BLACK HISTORY MONTH: BLACK HISTORY IS MORE THAN JUST A MONTH: DRUSILLA DUNJEE HOUSTON

 

Drusilla Dunjee Houston (1876-1941), a woman historian who wrote on the ancient Kushite and Ethiopian civilizations. Her brother was a longtime editor of the African-American newspaper, the Oklahoma Black Dispatch. by Pan-African News Wire File Photos.

 

File:Africamap1812.jpg
An 1812 map of Africa by Arrowsmith and Lewis, printed in Boston by Thomas & Andrews. Source: [1]

DRUSILLA DUNJEE HOUSTON (1876-1941)
by Runoko Rashidi

It is rare in the field of African historical research and writing, that
African women are prominently mentioned.  The work of Drusilla Dunjee Houston
is not only worth mentioning, but should be highlighted as an early, pioneering
historical narrative displaying scholarly depth and superb documentation.

Wonderful Ethiopians of the Ancient Cushite Empire Book 1: Nations of the
Cushite Empire, Marvelous Facts from Authentic Records was first published in
1926 in Oklahoma City.  Houston intended this to be the first volume of a three
volume set that explored Nile civilizations and surveyed the strong influence of
Africa on Asian civilizations.  She also examined the African background to
European civilization. African historians J.A. Rogers and Arthur Alfonso
Schomburg highly praised Mrs. Houston’s outstanding scholarship.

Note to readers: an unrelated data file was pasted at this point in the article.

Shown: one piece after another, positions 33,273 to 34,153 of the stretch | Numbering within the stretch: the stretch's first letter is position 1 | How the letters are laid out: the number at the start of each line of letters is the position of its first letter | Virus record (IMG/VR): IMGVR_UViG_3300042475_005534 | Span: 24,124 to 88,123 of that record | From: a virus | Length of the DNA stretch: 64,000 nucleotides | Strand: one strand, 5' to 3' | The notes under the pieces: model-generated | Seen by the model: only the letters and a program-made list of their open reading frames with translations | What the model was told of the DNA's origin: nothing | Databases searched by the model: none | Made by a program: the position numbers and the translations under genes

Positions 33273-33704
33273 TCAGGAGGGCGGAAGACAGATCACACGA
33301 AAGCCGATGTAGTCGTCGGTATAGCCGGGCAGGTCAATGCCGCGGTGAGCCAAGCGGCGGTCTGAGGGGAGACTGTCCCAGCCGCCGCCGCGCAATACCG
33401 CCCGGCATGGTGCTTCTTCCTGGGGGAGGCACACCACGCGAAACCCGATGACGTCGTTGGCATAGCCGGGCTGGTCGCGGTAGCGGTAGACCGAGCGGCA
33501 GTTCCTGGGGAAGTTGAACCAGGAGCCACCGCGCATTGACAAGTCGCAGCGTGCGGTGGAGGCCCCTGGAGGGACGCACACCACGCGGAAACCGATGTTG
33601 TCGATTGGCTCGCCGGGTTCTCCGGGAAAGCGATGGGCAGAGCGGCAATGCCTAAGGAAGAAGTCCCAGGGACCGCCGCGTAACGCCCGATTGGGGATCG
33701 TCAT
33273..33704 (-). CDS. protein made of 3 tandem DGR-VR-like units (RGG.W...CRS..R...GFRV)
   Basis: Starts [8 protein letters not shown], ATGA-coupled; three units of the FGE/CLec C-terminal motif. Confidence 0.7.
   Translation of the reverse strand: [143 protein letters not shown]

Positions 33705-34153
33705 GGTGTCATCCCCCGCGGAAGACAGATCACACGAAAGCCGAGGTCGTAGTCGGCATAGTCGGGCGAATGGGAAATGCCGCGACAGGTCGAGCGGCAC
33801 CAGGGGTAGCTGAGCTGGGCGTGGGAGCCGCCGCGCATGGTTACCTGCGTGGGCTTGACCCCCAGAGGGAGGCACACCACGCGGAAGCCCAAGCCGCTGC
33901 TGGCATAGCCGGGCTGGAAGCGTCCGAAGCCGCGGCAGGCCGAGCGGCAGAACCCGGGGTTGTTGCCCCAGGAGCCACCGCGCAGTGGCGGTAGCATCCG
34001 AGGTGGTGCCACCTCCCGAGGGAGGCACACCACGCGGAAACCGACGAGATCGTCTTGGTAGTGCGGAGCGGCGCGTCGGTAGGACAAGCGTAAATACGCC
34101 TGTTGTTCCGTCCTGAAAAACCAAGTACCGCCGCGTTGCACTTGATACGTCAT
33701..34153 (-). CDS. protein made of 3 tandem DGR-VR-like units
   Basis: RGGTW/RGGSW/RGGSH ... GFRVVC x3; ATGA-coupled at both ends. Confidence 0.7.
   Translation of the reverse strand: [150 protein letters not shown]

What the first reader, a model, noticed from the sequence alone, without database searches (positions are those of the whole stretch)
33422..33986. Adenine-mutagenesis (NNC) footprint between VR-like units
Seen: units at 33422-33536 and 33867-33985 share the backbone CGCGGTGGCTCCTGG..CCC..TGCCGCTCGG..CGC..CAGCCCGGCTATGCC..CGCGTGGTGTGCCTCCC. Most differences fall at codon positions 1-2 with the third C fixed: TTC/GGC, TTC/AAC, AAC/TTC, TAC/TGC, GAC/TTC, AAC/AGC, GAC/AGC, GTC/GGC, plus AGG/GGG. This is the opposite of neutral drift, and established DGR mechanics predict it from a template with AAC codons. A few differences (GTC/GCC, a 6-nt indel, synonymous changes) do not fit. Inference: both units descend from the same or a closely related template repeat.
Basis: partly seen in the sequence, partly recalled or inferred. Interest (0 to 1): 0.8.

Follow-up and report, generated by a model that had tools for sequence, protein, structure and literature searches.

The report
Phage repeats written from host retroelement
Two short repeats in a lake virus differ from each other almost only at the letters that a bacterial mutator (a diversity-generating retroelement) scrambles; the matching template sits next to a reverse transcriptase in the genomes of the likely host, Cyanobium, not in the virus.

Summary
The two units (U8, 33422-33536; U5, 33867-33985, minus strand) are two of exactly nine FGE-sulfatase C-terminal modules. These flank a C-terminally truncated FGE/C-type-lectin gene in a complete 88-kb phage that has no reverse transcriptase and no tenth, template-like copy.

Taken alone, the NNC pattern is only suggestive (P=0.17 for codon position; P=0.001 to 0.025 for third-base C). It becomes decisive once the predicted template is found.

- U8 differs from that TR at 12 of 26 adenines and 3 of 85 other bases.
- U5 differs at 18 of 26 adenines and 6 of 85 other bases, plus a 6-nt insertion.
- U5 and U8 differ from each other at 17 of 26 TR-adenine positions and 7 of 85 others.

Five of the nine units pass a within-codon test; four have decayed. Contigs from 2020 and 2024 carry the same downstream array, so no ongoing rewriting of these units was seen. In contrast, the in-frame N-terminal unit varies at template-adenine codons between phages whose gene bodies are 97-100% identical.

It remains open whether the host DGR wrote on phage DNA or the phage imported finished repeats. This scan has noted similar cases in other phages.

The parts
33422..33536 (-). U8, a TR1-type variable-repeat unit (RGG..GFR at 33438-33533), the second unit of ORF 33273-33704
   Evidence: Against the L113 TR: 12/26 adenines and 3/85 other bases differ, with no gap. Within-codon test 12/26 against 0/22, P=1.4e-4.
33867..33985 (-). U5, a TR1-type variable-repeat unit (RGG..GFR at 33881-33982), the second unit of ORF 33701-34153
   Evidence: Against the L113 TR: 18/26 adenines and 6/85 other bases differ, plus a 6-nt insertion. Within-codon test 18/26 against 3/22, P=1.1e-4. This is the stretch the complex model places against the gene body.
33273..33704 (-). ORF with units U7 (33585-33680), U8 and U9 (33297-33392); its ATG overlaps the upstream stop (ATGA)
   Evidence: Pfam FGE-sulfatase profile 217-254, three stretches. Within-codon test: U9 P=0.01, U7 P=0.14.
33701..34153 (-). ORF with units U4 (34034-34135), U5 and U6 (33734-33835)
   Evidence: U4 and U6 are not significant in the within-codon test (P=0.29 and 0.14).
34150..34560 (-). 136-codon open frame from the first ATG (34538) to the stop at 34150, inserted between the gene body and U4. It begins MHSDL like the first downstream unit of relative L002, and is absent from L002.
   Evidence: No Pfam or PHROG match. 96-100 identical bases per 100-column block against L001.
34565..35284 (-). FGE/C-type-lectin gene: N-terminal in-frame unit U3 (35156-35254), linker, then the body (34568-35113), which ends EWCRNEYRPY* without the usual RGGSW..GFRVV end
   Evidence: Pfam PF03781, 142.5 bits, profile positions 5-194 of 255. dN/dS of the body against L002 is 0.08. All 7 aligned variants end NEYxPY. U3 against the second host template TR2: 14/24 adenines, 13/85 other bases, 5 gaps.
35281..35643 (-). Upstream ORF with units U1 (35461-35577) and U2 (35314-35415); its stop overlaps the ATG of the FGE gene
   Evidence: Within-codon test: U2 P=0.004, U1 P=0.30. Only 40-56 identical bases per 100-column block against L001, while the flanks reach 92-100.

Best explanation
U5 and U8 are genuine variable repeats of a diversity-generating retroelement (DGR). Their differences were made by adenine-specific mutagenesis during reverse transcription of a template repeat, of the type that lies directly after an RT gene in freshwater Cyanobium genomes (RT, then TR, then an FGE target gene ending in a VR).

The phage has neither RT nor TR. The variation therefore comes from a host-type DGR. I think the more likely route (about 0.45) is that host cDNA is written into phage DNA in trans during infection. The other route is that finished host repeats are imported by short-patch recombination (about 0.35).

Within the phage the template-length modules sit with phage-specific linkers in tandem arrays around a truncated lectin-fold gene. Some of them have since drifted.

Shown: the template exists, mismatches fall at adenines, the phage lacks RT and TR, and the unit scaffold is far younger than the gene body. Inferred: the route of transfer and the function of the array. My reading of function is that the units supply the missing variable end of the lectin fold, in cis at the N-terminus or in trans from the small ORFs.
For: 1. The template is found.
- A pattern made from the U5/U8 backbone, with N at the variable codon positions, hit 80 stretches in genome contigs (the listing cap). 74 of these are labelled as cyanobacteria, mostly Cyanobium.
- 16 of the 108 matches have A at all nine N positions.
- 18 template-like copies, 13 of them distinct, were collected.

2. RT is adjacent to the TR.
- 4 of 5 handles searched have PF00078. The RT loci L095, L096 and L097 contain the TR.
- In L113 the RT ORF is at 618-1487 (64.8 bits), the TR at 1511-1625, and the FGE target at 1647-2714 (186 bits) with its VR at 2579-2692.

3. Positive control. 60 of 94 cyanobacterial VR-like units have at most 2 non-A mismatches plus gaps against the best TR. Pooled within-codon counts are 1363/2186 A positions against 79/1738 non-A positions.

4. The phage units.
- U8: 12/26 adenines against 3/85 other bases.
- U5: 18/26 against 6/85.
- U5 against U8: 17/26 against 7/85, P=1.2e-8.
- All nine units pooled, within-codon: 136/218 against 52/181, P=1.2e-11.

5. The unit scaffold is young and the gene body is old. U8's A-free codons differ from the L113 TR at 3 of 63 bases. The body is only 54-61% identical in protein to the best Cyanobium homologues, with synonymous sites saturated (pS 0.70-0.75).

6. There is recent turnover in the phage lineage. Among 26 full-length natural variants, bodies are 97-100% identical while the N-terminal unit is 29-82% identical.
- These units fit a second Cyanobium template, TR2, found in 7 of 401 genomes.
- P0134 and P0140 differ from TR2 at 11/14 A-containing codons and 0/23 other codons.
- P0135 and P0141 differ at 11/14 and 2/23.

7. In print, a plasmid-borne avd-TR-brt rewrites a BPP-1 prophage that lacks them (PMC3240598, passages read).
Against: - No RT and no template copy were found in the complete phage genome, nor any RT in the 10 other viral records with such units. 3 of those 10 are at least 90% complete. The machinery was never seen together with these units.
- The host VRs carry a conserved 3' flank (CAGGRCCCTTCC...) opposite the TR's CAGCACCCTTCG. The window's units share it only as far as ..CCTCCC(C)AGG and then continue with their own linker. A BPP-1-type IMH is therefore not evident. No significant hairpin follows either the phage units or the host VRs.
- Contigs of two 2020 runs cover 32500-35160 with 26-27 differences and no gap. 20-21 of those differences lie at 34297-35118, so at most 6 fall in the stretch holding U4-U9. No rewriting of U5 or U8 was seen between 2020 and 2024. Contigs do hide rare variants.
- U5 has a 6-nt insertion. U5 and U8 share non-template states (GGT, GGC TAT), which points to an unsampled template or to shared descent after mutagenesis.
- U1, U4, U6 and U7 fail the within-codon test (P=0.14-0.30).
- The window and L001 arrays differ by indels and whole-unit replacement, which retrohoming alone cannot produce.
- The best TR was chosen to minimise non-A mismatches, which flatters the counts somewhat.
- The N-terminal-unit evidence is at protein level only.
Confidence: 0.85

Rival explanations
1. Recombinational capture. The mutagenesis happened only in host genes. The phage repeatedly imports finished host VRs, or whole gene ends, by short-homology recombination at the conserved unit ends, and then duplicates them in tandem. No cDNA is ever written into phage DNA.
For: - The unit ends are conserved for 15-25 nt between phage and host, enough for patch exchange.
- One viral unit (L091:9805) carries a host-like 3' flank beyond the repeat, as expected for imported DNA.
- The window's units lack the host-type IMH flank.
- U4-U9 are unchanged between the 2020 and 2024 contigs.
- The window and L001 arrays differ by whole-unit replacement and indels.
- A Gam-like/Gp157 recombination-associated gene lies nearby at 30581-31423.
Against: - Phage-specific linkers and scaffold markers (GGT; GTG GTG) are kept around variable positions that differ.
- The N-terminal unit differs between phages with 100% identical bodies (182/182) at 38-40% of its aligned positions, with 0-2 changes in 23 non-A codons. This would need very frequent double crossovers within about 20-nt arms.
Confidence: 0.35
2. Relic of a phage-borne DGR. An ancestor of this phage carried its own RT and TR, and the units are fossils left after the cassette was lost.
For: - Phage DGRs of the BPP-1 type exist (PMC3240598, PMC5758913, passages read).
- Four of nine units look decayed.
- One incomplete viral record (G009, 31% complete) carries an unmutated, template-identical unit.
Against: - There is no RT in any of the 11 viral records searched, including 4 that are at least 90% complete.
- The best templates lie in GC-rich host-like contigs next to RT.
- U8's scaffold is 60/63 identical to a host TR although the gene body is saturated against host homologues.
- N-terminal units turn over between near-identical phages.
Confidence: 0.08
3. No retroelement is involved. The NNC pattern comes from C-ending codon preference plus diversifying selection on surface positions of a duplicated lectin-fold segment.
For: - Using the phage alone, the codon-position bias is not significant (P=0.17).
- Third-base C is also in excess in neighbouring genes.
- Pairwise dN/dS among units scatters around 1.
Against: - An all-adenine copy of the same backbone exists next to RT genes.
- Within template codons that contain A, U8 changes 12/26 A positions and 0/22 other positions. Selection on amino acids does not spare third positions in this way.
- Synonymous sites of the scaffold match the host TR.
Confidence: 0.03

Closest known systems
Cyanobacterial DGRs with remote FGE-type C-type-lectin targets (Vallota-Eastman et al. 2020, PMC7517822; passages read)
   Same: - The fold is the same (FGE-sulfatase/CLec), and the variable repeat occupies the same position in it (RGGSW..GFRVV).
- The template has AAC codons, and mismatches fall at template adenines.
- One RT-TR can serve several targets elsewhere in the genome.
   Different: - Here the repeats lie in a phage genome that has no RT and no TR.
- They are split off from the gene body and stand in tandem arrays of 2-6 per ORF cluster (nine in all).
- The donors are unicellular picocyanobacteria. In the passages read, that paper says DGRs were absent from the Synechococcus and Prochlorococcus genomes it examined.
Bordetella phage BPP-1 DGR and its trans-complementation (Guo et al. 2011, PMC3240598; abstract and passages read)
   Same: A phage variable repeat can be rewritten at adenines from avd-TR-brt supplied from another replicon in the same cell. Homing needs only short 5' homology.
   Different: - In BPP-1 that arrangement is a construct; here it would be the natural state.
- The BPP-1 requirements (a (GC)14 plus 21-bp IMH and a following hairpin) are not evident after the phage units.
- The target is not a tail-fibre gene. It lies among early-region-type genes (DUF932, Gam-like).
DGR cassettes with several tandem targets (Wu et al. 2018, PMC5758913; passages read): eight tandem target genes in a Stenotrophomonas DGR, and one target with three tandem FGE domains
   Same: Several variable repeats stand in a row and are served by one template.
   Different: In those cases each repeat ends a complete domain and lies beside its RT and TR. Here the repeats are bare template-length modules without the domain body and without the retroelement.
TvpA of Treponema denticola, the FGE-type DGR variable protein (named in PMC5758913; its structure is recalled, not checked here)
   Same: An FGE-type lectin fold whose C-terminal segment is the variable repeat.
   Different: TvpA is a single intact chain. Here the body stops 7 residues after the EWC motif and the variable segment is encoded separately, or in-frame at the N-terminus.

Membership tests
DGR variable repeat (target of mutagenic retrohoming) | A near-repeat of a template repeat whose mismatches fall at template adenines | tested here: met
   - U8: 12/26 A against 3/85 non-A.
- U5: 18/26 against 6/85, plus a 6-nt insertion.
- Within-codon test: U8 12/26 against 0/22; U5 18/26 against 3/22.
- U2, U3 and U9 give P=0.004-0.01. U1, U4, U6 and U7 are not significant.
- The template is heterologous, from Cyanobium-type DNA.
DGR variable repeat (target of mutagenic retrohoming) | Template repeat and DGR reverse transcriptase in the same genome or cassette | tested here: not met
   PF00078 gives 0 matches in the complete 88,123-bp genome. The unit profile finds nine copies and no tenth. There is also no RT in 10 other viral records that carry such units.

Drusilla Dunjee Houston was born in Winchester, Virginia in 1876.  Her outlook
on race was instilled in her by her father, John William Dunjee, a “race man”
who counted among his colleagues, Frederick Douglas and Blanche K. Bruce.

At the age of twenty-two, Drusilla wed Price Houston, a store merchant.  She
founded the McAlester Seminary in McAlester, Oklahoma.  This was an educational
institution which she ran for twelve years.  After settling in Oklahoma City,
Drusilla went to work as a journalist for her brother’s newspaper, the Black
Dispatch. She “aggressively” reported on cases of white atrocities committed
against Blacks in Oklahoma.

Her interest in ancient Africa and historical research was triggered by the
1915 publication of The Negro authored by W.E.B. DuBois.  Her life-long pursuit
of Africa’s past and her devotion to her race places Drusilla Dunjee Houston in
the foremost ranks of Pan-Africanist historians.

On February 2, 1941, in Phoenix, Arizona, Drusilla Dunjee Houston died from
tuberculosis.  “At the time of her death, she was working on another book on
African history.”

http://www.cwo.com/~lucumi/dunjee2.html

Download: http://rapidshare.com/files/158859563/Wonderful_Ethiopians.pdf

REFERENCES:
 
 
 
1.
Wonderful Ethiopians of the Ancient Cushite Empire (Forgotten Books) by Drusilla Dunjee Houston (Paperback – Nov 7, 2007)
5.0 out of 5 stars (4)
 
 

Pan-African News Wire: Drusilla Dunjee Houston (1876-1941): …

Some Geneological Background on Drusilla Dunjee Houston From Wikipedia, the free encyclopedia. John William Dunjee (also John Dungy or John Dungee) (1833 panafricannews.blogspot.com/2007/02/drusilla-dun…

1 Comment

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One response to “BLACK HISTORY MONTH: BLACK HISTORY IS MORE THAN JUST A MONTH: DRUSILLA DUNJEE HOUSTON

  1. Akeem Taharaka

    How can I find a copy her book (D. D. Houston), “Origins of the Aryans.”?

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